While the idea of university as a place of knowledge for knowledge’s sake and personal growth is appealing, most people going to university are, at some point or another, going to have to work for a living. As such, choosing one’s courses and ultimately degree holds a great deal of importance for after graduation.

The widespread stereotype about degrees is that the more “artsy” the degree is, the more likely a person who takes it will end up in a poorly salaried job. But is it true that your average English student is destined to become a barista? And is there any more truth in the supposition that medical students are en route to becoming doctors with their own yachts?

The results hold some surprises.

According to data from the Graduate Recruitment Bureau and the National Careers Service, law graduates make nearly the same amount of money as their peers studying sociology. If we’re being pedantic, it might be enlightening to note that they actually make £97 less than the starting pay of £20,518 that the average sociology graduate can expect to make.

And this is not the only situation in which arts degrees make more than a seemingly more lucrative degree in the sciences. Philosophy graduates (starting salary £24,377), for example, make over a thousand pounds more per year than graduates of accounting and finance, who can anticipate earning a comparatively paltry £23,180 in their first year in the workforce. A philosophy grad can actually expect to make around the same or more than graduates of a whole host of science degrees, including Business and Management Studies, Chemistry, Politics, and several degrees in Medicine.

Perhaps most surprising is that some of the best-paid starting salaries for arts degrees belong to Librarianship & Information Management (£24,576) and Social Work (£24,761).

However, there’s no beating around the bush. The 16 degrees that are best-paid after graduation all belong to the sciences and medicine. While there are many surprises further down the pay grade, up here are the usual suspects: Economics, Chemical Engineering, Computer Science, and other related degrees. The question for an undecided student gearing up for his or her very own island is not then “arts or sciences?” but, instead, “which sciences pay best?”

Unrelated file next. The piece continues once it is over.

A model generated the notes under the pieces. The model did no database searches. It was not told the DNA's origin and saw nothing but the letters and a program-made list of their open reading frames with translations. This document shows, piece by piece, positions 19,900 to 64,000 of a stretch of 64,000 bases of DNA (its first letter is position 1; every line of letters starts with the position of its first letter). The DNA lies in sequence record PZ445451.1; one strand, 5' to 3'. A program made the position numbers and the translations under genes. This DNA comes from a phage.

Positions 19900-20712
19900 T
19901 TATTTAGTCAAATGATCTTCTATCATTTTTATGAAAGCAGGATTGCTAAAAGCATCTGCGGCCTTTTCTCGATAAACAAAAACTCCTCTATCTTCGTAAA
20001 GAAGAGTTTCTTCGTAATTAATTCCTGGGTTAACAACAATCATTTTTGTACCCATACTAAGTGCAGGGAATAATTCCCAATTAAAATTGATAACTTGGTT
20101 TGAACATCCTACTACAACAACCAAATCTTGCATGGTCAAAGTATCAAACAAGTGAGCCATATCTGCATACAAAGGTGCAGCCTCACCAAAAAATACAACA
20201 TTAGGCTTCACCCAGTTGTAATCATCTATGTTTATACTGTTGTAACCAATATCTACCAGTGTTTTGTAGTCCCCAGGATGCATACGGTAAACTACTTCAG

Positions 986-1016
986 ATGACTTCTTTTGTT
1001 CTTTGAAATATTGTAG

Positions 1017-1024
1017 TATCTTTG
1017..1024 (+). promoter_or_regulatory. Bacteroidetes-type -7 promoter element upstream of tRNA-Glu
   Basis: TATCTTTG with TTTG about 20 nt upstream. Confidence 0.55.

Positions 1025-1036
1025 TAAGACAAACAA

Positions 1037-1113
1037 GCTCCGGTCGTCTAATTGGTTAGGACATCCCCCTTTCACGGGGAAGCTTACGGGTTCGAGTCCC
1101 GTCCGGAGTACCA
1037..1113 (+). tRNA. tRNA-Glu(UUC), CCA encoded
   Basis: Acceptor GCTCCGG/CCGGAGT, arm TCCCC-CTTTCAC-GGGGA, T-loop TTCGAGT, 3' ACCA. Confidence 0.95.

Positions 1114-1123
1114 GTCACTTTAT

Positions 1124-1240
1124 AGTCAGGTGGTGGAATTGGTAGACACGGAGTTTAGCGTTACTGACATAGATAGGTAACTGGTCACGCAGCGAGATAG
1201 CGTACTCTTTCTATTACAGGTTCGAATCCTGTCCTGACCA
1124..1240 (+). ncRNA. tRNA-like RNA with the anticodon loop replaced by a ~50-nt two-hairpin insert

Something to note is that within the field of medicine is the greatest amount of variation in graduate pay of any general “field” of study. Students interested in medical school could graduate earning a starting salary of anywhere between £16,286 (Ophthalmology) and £30,432 (Dentistry). As such, prospective medical students, especially those having to borrow a great deal of money, ought to look hard at which specialisations will be most rewarding on graduation.

Of course, it’s also important to keep in mind that these are salaries for newly graduated persons, not average pay over an entire career. The salary ceiling for an accountant is much higher than that of a social worker, for example. Considering your mid-career salary is as or more important as your first paycheck.

However, it’s still important to look at graduate pay, not least because it’s important for those in university now to set expectations of what their lifestyle will be like once they graduate. Management students might want to temper their delusions of a Rothschild lifestyle, and history undergrads might be cheered by knowing that a ramen noodle diet isn’t inevitable.

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